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Civil Rights and Labor History Consortium / University of Washington

Anarchist Newspapers

By Kenyon Zimmer

These maps and tables locate 274 periodicals affiliated with anarchist groups or ideas from 1872 to 1940. (Single-issue publications, and those that lasted fewer than four issues, are not included.) The press played a particularly important role in disseminating information, coordinating action, and providing cohesion within the anarchist movement, which rejected the hierarchical structure of political parties and generally avoided formal organizations at the local, national, and global levels. Anarchists published periodicals in 18 different languages, reflecting the immigrant majority and transnational nature of the American movement. They were based in 20 states and 63 different cities, but New York, Chicago, and San Francisco were the main centers of anarchist publishing. New York hosted 95 newspapers, Chicago 37, and 19 were based in San Francisco. The vast majority were weeklies and monthlies; only two daily anarchist newspapers appeared, the German Chicagoer Arbeiter-Zeitung (Chicago) and the Yiddish Abend Tsaytung (New York). Most titles were short lived--only 35 lasted longer than four years--and claimed modest circulations, typically around one or two thousand copies. However, the Yiddish Fraye Arbayter Shtime (New York) appeared from 1890 to 1977 and claimed a peak circulation of 30,000, and the German Die Fackel (Chicago) and Spanish language Regeneración (Los Angeles) both exceeded 20,000 copies. These data were compiled by Kenyon Zimmer in connection with his book, Immigrants Against the State: Yiddish and Italian Anarchism in America (University of Illinois, 2015). The maps are hosted by Tableau Public and may take a few seconds to respond. If slow, refresh the page.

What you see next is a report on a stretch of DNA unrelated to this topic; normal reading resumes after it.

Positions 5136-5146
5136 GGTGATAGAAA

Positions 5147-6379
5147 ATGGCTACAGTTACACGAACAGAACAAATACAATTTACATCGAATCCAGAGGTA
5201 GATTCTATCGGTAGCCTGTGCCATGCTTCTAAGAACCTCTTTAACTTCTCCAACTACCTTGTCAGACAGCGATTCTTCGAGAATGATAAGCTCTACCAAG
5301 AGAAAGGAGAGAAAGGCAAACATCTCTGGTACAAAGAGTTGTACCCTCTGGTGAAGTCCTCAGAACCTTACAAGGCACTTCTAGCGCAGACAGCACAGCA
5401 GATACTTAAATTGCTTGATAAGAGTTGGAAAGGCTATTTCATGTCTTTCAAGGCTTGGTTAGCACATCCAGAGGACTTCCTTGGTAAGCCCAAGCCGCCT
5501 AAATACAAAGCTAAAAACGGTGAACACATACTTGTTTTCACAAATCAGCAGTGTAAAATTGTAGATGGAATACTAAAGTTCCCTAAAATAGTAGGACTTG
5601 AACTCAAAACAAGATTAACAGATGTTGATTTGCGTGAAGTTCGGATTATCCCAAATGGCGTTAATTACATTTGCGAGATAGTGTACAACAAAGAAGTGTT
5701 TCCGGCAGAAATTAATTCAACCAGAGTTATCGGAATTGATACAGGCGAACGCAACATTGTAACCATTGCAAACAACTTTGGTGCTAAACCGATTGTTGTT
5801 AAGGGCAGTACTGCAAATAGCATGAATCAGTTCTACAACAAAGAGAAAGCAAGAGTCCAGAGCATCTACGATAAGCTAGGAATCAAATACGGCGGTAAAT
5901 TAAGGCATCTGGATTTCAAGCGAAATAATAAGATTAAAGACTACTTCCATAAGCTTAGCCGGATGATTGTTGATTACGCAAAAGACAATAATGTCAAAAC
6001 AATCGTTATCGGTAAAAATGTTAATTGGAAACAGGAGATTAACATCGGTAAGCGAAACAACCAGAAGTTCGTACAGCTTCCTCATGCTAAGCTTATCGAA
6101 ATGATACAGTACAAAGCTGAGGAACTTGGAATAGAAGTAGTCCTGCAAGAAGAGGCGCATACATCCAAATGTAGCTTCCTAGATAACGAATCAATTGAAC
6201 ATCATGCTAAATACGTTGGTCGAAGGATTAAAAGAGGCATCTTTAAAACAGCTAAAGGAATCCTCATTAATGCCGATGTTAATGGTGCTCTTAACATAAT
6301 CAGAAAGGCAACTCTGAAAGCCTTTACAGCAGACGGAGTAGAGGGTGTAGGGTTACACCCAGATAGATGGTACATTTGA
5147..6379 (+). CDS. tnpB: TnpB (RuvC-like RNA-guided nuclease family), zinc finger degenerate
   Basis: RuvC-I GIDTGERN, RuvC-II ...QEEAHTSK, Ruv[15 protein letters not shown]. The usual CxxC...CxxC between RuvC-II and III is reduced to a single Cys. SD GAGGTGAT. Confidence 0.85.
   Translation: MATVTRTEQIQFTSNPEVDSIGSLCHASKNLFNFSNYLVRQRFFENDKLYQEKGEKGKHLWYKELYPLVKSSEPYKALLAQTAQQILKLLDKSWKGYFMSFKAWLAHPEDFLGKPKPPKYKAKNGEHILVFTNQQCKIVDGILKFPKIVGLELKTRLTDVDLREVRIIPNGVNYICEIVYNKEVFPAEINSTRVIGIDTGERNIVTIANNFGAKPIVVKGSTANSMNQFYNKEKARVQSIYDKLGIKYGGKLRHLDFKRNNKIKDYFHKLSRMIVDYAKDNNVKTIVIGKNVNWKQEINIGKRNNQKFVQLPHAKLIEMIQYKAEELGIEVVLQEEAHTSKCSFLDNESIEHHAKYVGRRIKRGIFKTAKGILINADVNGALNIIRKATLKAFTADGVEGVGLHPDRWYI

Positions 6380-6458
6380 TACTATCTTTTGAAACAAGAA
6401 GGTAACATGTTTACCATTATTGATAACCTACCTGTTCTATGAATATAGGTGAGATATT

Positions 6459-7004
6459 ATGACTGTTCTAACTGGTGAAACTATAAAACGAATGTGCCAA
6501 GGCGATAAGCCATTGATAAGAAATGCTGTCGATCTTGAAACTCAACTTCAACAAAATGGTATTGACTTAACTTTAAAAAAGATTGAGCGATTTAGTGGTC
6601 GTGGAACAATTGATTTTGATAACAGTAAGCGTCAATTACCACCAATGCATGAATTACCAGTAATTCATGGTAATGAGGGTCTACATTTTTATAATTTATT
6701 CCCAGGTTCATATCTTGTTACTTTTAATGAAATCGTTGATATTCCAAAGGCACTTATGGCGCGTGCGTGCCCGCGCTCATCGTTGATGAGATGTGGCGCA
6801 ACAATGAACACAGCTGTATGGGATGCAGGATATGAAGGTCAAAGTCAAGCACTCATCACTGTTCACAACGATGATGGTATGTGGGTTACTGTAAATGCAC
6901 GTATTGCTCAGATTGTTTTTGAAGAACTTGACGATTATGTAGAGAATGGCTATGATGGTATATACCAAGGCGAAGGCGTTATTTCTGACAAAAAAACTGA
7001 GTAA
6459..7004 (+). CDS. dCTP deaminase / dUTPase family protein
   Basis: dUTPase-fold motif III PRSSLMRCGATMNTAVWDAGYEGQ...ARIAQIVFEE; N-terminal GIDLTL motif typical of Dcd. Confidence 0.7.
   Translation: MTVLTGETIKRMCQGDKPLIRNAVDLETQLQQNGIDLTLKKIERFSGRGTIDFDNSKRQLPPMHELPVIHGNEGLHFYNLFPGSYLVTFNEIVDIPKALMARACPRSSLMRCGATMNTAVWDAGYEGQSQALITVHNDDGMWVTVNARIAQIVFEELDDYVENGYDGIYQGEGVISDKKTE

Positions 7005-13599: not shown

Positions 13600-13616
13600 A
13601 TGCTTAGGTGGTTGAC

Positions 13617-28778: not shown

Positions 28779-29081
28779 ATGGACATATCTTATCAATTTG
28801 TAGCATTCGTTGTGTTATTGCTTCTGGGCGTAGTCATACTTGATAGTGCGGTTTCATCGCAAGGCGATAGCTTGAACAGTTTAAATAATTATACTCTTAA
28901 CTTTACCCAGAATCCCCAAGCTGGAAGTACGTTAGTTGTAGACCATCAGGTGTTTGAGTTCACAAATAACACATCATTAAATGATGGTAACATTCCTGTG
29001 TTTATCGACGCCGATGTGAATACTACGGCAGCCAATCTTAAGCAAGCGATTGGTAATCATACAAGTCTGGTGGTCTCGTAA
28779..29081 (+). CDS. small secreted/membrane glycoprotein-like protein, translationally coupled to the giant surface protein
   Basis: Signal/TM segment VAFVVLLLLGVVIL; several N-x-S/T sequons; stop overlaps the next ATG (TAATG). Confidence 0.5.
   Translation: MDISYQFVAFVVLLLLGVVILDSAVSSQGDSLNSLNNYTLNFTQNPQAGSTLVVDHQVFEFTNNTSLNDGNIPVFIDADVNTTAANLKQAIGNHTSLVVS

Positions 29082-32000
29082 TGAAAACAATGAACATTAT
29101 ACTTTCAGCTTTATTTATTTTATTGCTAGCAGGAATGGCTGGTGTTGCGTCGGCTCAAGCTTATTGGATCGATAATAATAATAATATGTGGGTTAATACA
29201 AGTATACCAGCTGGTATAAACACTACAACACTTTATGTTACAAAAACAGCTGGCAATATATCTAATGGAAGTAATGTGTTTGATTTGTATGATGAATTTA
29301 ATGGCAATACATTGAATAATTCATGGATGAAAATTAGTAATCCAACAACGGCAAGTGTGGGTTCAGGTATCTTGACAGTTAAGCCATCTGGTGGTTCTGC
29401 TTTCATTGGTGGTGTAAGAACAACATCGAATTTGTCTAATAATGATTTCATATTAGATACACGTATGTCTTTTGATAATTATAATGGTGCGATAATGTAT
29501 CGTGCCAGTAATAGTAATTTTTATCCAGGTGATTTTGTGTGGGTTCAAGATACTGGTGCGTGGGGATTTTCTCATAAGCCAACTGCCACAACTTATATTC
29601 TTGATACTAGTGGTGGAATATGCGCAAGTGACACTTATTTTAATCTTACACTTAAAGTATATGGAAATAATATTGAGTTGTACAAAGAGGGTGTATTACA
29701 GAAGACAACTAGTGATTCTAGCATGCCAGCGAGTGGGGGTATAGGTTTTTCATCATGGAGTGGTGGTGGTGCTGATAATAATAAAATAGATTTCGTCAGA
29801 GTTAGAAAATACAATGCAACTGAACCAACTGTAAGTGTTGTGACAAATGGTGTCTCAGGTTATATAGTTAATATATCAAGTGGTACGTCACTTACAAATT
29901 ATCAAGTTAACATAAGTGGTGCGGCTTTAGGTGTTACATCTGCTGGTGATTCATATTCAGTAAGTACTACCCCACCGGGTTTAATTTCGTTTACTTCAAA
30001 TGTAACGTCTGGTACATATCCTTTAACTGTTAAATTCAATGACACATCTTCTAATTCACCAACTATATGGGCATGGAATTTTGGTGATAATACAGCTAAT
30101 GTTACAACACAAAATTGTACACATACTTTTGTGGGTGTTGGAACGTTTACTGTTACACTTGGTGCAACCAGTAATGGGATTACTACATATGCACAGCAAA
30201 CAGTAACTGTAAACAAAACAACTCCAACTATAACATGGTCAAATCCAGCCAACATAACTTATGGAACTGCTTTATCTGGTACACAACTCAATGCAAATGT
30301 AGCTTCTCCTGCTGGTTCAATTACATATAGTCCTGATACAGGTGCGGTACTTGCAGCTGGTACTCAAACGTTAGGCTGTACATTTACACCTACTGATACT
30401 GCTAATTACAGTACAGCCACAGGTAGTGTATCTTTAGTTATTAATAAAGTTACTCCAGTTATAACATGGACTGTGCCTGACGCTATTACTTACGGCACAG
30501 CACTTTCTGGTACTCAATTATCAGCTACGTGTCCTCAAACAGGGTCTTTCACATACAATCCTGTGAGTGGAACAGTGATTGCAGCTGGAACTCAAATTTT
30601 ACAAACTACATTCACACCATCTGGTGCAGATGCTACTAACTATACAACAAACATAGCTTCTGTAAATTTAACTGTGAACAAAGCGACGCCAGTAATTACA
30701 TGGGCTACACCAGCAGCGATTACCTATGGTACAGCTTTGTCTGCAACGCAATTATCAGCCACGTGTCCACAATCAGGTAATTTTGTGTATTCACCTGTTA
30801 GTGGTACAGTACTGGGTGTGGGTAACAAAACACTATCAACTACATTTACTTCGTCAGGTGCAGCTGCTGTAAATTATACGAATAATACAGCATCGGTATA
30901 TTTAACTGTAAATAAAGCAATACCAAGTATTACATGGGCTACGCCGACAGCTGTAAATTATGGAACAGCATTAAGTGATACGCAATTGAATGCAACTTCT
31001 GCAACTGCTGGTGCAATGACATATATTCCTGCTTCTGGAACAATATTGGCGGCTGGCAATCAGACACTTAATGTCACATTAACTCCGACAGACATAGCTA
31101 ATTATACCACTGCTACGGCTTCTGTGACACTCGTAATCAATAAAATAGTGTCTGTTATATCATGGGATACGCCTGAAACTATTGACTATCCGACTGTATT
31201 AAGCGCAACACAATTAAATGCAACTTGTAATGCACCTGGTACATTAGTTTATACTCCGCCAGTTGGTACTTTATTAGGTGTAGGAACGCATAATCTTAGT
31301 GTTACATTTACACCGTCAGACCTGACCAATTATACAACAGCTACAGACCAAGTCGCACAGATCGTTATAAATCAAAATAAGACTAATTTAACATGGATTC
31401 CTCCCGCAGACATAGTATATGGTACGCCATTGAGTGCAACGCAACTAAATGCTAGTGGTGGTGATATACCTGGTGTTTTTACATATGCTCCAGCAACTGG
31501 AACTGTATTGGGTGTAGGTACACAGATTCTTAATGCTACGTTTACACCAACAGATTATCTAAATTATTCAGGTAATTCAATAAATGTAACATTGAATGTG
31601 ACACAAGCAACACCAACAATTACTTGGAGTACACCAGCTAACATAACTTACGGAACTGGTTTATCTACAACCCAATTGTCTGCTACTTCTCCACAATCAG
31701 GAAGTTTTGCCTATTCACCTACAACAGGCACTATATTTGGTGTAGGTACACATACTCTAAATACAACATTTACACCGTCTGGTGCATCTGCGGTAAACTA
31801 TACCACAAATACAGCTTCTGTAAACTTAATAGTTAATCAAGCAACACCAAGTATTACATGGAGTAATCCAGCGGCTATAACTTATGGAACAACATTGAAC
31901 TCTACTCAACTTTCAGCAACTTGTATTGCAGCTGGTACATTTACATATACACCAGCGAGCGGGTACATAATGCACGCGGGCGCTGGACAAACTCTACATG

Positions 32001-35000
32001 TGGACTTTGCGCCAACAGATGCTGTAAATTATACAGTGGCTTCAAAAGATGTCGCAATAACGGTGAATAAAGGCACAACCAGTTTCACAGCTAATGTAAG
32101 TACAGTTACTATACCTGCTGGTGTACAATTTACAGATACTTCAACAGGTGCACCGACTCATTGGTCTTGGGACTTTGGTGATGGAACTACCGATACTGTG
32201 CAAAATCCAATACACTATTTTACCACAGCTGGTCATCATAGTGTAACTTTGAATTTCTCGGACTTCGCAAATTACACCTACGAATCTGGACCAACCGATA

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Note: Because some newspapers changed place of location and other changed titles, there are many duplicates among the 274 periodicals listed and mapped here.

Sources:These lists of titles and circulation figures have been culled from incomplete listings in the following works, as well as miscellaneous other primary and secondary sources: Paul Avrich, “List of Periodicals,” in Anarchist Voices: An Oral History of Anarchism in America (Princeton: Princeton University Press, 1995), 285-290; Leonardo Bettini, Bibliografia dell’anarchismo (Florence: Crescita Politica, 1972); René Bianco, Ronald Creagh, and Nicole Riffaut-Perrot, Quand le coq rouge chantera: anarchistes français et italiens aux États-Unis d'Amérique; bibliographie (Marsielle/Montpellier: Editions Culture et Liberté/CIRCAN, 1986); Christiane Harzig and Dirk Hoerder, ed. The Immigrant Labor Press in North America, 1840s-1970s: An Annotated Bibliography (New York: Greenwood Press, 1987); Ernesto A. Longa, Anarchist Periodicals in English Published in the United States (1833-1955): An Annotated Guide (Lanham, MD: Scarecrow Press, 2009); Bruce C. Nelson, “Arbeiterpresse und Arbeiterbewegung: Chicago’s Socialist and Anarchist Press, 1870-1900,” in Elliot Shore, Ken Fones-Wolf, and James P. Danky, eds., The German-American Radical Press: The Shaping of a Left Political Culture, 1850-1940 (Chicago: University of Illinois Press, 1992), 81-107; John Patten, Yiddish Anarchist Bibliography (London/Cambridge: Kate Sharpley Library/Anarchist Archives Project, 1998).

Research and data compilation: Kenyon Zimmer

Maps: Arianne Hermida, James Gregory